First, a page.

Legislative Update: Low-Income Seniors At Risk of Losing Medicaid Coverage As States Trim Rolls

Legislative Update: Low-Income Seniors At Risk of Losing Medicaid Coverage As States Trim Rolls

By Daisy Brown, TSCL Legislative Liaison

Millions of the lowest–income and most vulnerable older Americans are undergoing an unprecedented nationwide review of Medicaid enrollees. Every state in the nation has been trimming Medicaid rolls since the COVID-19 emergency ended. During the coronavirus pandemic, the federal government barred states from removing anyone deemed ineligible for Medicaid. Now those emergency rules have ended, and states are required to remove those whose incomes are too high to remain eligible.

TSCL believes millions of seniors will be impacted and we are highly concerned about the extent of confusion and errors this undertaking will likely create. For example, about four out of ten older Americans received some form of low-income assistance in 2022, such as SNAP, rental subsidies, or help with Medicare costs (paid through Medicaid), according to the findings of TSCL’s Senior Survey conducted January through May of this year. In addition, nearly three-quarters of those currently receiving low-income assistance were concerned that their benefits would be trimmed because the 8.7% COLA would push their income over the eligibility limits.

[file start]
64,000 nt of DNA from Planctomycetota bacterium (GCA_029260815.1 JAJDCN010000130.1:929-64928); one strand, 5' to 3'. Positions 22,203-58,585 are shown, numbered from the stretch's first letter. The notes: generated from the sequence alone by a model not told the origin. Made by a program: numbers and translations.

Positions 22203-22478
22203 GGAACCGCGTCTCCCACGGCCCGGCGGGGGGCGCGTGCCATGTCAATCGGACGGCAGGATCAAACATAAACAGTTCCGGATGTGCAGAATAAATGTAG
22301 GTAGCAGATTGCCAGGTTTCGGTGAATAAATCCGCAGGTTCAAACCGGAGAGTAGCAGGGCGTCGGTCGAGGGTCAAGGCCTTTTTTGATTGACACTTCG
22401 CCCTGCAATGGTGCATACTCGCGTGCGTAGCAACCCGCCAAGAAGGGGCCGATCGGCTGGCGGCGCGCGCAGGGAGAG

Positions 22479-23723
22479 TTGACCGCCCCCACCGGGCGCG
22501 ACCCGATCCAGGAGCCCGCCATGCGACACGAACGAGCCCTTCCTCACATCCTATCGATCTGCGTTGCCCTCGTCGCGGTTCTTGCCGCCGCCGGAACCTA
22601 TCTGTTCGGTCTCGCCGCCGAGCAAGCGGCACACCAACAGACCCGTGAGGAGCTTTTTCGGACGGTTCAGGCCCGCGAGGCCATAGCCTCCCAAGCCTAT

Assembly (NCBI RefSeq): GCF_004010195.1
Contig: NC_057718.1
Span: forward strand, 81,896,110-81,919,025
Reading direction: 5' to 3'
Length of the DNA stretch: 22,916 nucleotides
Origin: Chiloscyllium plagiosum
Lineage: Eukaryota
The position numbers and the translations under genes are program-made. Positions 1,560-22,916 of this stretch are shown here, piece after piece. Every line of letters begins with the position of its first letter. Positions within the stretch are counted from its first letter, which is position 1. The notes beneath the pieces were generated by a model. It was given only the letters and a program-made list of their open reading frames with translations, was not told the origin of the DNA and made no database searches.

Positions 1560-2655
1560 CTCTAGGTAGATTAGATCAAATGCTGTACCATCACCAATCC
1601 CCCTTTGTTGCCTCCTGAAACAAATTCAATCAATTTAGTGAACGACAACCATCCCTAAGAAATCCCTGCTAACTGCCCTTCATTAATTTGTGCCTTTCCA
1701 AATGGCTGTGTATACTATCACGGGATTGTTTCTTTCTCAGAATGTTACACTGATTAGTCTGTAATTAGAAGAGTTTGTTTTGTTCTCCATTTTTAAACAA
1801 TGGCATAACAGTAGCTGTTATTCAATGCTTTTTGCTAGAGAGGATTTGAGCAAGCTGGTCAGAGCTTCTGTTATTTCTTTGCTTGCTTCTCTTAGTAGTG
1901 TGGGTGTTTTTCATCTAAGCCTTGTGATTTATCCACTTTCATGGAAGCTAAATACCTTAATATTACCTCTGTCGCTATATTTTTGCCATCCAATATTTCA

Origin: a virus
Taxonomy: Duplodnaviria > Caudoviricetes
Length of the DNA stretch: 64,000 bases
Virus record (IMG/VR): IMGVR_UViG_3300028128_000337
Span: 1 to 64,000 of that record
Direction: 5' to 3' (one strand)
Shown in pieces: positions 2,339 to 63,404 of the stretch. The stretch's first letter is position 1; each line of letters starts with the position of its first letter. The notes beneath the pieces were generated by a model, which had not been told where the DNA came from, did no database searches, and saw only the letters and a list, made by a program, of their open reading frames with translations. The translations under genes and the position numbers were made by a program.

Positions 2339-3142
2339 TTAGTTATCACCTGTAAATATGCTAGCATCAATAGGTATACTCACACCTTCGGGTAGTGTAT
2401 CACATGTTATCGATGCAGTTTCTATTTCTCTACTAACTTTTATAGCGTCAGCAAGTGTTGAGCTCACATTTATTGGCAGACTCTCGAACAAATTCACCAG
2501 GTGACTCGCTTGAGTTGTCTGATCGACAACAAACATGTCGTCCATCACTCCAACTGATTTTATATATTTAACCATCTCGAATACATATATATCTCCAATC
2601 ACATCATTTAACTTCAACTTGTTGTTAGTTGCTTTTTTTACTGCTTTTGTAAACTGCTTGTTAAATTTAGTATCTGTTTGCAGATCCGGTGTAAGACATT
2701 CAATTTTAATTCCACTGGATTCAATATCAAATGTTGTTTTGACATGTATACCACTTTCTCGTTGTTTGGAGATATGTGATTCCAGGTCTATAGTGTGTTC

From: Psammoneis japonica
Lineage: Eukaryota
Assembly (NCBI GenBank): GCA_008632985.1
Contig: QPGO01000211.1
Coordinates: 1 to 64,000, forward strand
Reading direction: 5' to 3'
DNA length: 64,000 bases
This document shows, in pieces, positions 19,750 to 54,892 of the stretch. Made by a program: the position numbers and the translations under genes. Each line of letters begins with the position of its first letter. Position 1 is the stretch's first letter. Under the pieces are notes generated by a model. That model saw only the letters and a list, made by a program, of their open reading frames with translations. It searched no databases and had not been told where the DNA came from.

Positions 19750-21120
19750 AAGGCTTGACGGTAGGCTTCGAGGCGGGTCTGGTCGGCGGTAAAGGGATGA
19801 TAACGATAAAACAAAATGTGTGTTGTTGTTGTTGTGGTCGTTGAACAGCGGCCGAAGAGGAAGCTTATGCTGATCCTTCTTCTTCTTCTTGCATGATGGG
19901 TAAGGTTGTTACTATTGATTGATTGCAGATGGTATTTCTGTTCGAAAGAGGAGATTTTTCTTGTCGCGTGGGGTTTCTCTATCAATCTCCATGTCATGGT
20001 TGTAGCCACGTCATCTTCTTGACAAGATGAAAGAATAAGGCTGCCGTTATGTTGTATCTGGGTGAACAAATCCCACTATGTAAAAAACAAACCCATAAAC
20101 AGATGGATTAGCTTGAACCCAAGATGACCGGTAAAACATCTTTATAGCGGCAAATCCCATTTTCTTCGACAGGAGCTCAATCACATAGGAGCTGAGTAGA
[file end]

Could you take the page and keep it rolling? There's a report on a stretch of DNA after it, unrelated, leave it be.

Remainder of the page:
Advocates, including TSCL, are alarmed by estimates that nearly half of the people who lose coverage may do so even though they still qualify for Medicaid. We suspect that many older households receiving letters from Medicaid simply may not know what to do or, worse, may not realize their Medicaid coverage has ended. Of the seniors who receive both Medicare and Medicaid, many may have cognitive issues or disabilities that make it difficult to read and understand complicated Medicaid documents.

We are learning that some Medicaid enrollees have been erroneously removed from the rolls. In some areas, some lost coverage even before they had an opportunity to reapply. If this happens to you, reapply for Medicaid and immediately provide additional documentation of income and resources, such as the past 12 months in bank statements.

Medicaid is the federal/state healthcare program that helps lower healthcare costs through paying the Medicare Part B premium, and, for those with the lowest incomes, assistance may also include help with out-of-pocket costs. Most importantly, Medicaid is the only funding source for long-term care for low-income older Americans. It includes stays in nursing homes and home care benefits that help reimburse family caregivers for their time.

You can help us get up to speed about your situation by participating in our new Retirement Survey, and let us know how your family has been impacted by the new review of Medicaid rolls.

Please take our 2023 Retirement Survey, and let us know what you think! https://seniorsleague.org/2023-retirement-survey/